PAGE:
The Agricultural Adjustment Act of 1933 declared that, due to a crisis in agricultural production, the Secretary of Agriculture could set limits on production of certain crops and impose taxes on production in excess of these limits.
The AAA also authorized grants to farmers to control production and thus regulate prices.
SCOTUS held for Butler, AAA unconstitutional.
Does the AAA overstep Congress's constitutional power to tax and spend?
What is the scope of Congress's taxing and spending power?
Does the 10th Amendment place any limits on Congress's taxing and spending power
Congress has broad authority to tax and spend for the general welfare, and is not limited to taxing and spending only to carry out powers specifically enumerated in Article I.
Article 1, § 8 of the Constitution authorizes Congress the power "to lay and collect Taxes, Duties, Imposts and Excises to pay the debts and provide for the common defense and general welfare."
"To provide for the general welfare" qualifies the power "to lay and collect taxes."
The meaning of this phrase has always been debated.
Madison always said it just referred to the other powers enumerated in the section and so therefore the power to tax was confined to the enumerated legislative fields committed to Congress. It is a mere tautology.
Hamilton, however, maintained that the clause confers separate and distinct power, and so Congress has a substantive power to tax and to appropriate, limited only by the requirement that it shall be exercised to provide for the general welfare of the United States.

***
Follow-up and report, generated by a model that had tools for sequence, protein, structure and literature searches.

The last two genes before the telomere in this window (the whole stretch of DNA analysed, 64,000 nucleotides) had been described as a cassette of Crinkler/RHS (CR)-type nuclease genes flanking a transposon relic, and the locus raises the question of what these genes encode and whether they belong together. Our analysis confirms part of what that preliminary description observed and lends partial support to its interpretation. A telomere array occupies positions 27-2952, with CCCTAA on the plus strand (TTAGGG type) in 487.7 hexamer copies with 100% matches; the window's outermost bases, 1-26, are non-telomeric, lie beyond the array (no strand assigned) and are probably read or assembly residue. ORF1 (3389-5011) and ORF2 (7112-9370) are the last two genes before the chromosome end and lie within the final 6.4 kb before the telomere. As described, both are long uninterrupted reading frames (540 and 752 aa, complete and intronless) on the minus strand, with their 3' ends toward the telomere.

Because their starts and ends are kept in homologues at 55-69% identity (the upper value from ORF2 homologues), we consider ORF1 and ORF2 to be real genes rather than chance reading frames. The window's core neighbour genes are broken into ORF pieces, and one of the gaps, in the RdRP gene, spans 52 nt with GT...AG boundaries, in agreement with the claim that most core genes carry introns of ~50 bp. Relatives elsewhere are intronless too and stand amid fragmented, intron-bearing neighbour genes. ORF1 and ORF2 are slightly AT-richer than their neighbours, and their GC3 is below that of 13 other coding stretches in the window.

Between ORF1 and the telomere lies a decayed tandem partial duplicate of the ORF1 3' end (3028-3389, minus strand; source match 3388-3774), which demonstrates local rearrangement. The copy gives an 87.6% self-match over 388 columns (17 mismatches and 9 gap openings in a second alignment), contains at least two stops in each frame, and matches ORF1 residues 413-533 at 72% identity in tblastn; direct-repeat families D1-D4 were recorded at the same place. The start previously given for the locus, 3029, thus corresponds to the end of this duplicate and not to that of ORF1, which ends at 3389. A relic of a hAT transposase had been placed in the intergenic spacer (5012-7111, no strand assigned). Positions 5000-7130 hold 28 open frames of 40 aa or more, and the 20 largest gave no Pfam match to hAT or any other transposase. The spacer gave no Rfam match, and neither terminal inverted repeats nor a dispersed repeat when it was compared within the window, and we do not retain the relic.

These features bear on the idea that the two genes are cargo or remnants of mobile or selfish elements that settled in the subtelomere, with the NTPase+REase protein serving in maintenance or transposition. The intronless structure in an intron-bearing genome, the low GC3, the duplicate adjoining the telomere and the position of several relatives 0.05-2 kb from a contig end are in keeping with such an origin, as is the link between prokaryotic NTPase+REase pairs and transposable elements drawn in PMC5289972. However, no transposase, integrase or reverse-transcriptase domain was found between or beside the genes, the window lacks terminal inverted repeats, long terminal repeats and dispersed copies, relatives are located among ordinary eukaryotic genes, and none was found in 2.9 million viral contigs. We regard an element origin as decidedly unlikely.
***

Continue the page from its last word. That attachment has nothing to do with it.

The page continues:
The second meaning, advocated by Justice Story, is the correct one. While the power to tax is not unlimited, its confines are set in the clause which confers it, and not those of section 8, which bestow and define the legislative powers of Congress.
The power of Congress to authorize expenditure of public money for public purposes is not limited by the direct grants of legislative power found in the Constitution.
Another principle in the Constitution, however, prohibits the enforcement of the AAA. The act invades the reserved rights of the states, since it controls agricultural production.
The taxes are means to an unconstitutional end.
Congress has no power to regulate production, therefore it cannot indirectly accomplish regulation through taxing and spending.
Courts are concerned only with the power to enact statutes, not with their wisdom.
The Constitutional power of Congress to levy an excise tax on the processing of agricultural products is not questioned.
There is no basis for saying that the expenditure of public money in aid of farmers is not within the specifically granted power of Congress to levy taxes to "provide for the . . . General welfare."
This levy is not any less an exercise of taxing power because it is intended to defray an expenditure for the general welfare rather than for some other support of government.